The reason that the U.S. leads the world in stratospheric drug prices is that government policy allows it. For example, the largest single pharmaceutical customer in the U.S., Medicare, isn’t permitted by law to negotiate drug prices with manufacturers. U.S. customers are forbidden to acquire their drugs in Canada or overseas, where they’re often cheaper. Reverse those policies, and the magic of price competition would begin to bring costs down.

The Food and Drug Administration already has the authority to quell drug profiteering in generics, as we documented last month. The agency could prioritize the approval process for competing generics to counter unwarranted price increases. Instead, its backlog of approvals runs to years and covers thousands of drugs.

The FDA’s formal approval of a new use for an old generic, even when that use has been recognized by doctors for years, can give its manufacturer the right to keep rival manufacturers out of the market for up to seven years. That’s what happened when Makena, a drug to prevent premature births, won FDA approval as an “orphan drug” in 2011. Its manufacturer took advantage of its exclusivity period to raise its price 100-fold, driving the cost of a full treatment to $25,000 from $250, thereby ending access to the treatment for thousands of women.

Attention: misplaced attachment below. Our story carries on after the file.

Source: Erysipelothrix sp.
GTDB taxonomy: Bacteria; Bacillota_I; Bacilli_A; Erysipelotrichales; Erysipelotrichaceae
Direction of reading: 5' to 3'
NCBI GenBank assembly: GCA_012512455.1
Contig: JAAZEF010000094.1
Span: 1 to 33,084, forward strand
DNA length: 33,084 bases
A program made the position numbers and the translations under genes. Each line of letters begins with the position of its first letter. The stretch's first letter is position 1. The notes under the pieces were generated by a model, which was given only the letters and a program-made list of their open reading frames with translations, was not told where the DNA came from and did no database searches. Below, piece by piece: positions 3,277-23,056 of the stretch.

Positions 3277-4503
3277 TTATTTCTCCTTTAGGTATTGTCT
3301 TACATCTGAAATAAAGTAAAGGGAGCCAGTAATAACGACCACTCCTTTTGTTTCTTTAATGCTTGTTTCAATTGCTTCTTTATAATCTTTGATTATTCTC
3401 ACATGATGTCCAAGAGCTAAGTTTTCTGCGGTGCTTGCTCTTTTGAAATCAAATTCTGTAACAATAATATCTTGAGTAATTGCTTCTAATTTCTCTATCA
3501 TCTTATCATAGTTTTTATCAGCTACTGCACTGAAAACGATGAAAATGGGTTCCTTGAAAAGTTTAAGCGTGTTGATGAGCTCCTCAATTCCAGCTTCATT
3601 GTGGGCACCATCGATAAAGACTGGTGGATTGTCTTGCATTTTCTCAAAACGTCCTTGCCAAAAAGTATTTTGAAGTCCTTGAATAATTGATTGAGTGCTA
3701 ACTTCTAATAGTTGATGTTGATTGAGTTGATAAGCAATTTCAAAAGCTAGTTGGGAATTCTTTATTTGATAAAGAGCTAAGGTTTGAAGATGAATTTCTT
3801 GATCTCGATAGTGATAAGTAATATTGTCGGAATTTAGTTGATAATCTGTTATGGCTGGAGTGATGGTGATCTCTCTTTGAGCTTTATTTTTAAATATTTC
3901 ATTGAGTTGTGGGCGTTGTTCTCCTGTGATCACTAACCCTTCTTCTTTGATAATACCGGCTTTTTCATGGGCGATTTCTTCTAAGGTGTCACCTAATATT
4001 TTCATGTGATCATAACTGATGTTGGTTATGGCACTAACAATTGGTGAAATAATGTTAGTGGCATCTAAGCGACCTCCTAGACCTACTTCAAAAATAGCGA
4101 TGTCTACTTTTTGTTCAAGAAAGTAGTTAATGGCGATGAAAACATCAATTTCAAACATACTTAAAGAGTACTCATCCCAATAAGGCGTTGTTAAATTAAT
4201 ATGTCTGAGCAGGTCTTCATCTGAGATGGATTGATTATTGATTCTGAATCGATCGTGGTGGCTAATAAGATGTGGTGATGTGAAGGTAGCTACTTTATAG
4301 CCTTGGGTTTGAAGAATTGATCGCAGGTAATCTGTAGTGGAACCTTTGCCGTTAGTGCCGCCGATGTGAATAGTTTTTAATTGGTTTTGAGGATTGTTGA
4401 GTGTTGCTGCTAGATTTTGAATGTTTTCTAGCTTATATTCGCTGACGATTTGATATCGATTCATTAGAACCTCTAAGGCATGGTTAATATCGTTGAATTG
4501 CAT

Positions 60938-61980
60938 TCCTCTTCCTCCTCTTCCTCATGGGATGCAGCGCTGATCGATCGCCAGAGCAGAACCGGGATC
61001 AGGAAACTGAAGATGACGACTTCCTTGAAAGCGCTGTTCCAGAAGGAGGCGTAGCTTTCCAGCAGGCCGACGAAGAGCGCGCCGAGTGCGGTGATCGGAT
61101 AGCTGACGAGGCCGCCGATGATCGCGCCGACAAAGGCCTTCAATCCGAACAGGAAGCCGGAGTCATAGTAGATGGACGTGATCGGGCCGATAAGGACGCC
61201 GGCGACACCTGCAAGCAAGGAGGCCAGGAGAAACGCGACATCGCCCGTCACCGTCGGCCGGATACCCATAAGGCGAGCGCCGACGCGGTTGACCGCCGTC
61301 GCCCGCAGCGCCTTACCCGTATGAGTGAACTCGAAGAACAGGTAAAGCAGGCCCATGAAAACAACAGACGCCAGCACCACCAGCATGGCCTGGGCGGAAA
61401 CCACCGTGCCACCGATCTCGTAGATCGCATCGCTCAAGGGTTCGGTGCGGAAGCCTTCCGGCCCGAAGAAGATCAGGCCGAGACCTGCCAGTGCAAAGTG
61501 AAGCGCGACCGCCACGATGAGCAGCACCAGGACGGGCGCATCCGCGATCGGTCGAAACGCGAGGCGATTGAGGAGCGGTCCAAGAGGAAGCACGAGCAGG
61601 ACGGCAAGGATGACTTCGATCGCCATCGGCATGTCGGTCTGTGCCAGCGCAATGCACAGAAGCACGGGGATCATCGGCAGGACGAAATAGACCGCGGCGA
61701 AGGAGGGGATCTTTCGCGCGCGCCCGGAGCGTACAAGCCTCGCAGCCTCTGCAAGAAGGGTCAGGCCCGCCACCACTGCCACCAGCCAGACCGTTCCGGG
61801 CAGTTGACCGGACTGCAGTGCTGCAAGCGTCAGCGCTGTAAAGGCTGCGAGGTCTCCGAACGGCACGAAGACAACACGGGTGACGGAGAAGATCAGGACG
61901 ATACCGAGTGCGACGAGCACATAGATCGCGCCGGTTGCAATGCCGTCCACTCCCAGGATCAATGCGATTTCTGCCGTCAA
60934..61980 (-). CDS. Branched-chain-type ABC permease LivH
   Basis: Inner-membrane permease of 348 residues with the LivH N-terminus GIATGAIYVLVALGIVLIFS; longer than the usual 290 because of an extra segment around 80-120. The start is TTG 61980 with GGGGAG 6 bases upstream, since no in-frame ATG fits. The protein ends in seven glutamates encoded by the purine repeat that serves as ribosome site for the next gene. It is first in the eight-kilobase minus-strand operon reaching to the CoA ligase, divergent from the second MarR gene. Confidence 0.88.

These rules aren’t written in stone. They’re amenable to legislative action by Congress and congressional pressure on the FDA. By the same token, a recent Senate report observed that “members of Congress are forbidden by law to have access to information regarding price discounts and rebates agreed to by drug manufacturers as part of the Medicare and Medicaid programs.” It added that “the public may be surprised” to learn this. Well, yes. But who made the law barring Congress from having this information? Congress did.

Why won’t Congress act? As always, it comes down to money. Pharmaceutical companies are consistently among the biggest contributors to Washington campaign chests. Most of the money goes to Republicans, but Democrats get a healthy share, too. How close is the relationship? Former Rep. Billy Tauzin (R-La.) was head of the House committee with oversight over the drug industry when he retired from politics in 2005. Days later he surfaced as the new president and CEO of the Pharmaceutical Research and Manufacturers of America, the industry’s lobbying arm. (He retired from Phrma in 2010.)

Congress is great at expressing dismay at high drug prices and even outlining the disconnect between research and manufacturing costs and prices at the pharmacy. Almost invariably, however, its committee reports stop short of recommending fixes. That was the case with a recent Senate Finance Committee investigation of Gilead and its hepatitis drugs. The report ran to 144 pages, but not a single page contained a recommendation for legislative action.

Upbraiding Martin Shkreli for being smug is easy. Wiping the smirk off his face requires action. That’s what Congress won’t do.

Keep up to date with Michael Hiltzik. Follow @hiltzikm on Twitter, see our Facebook page, or email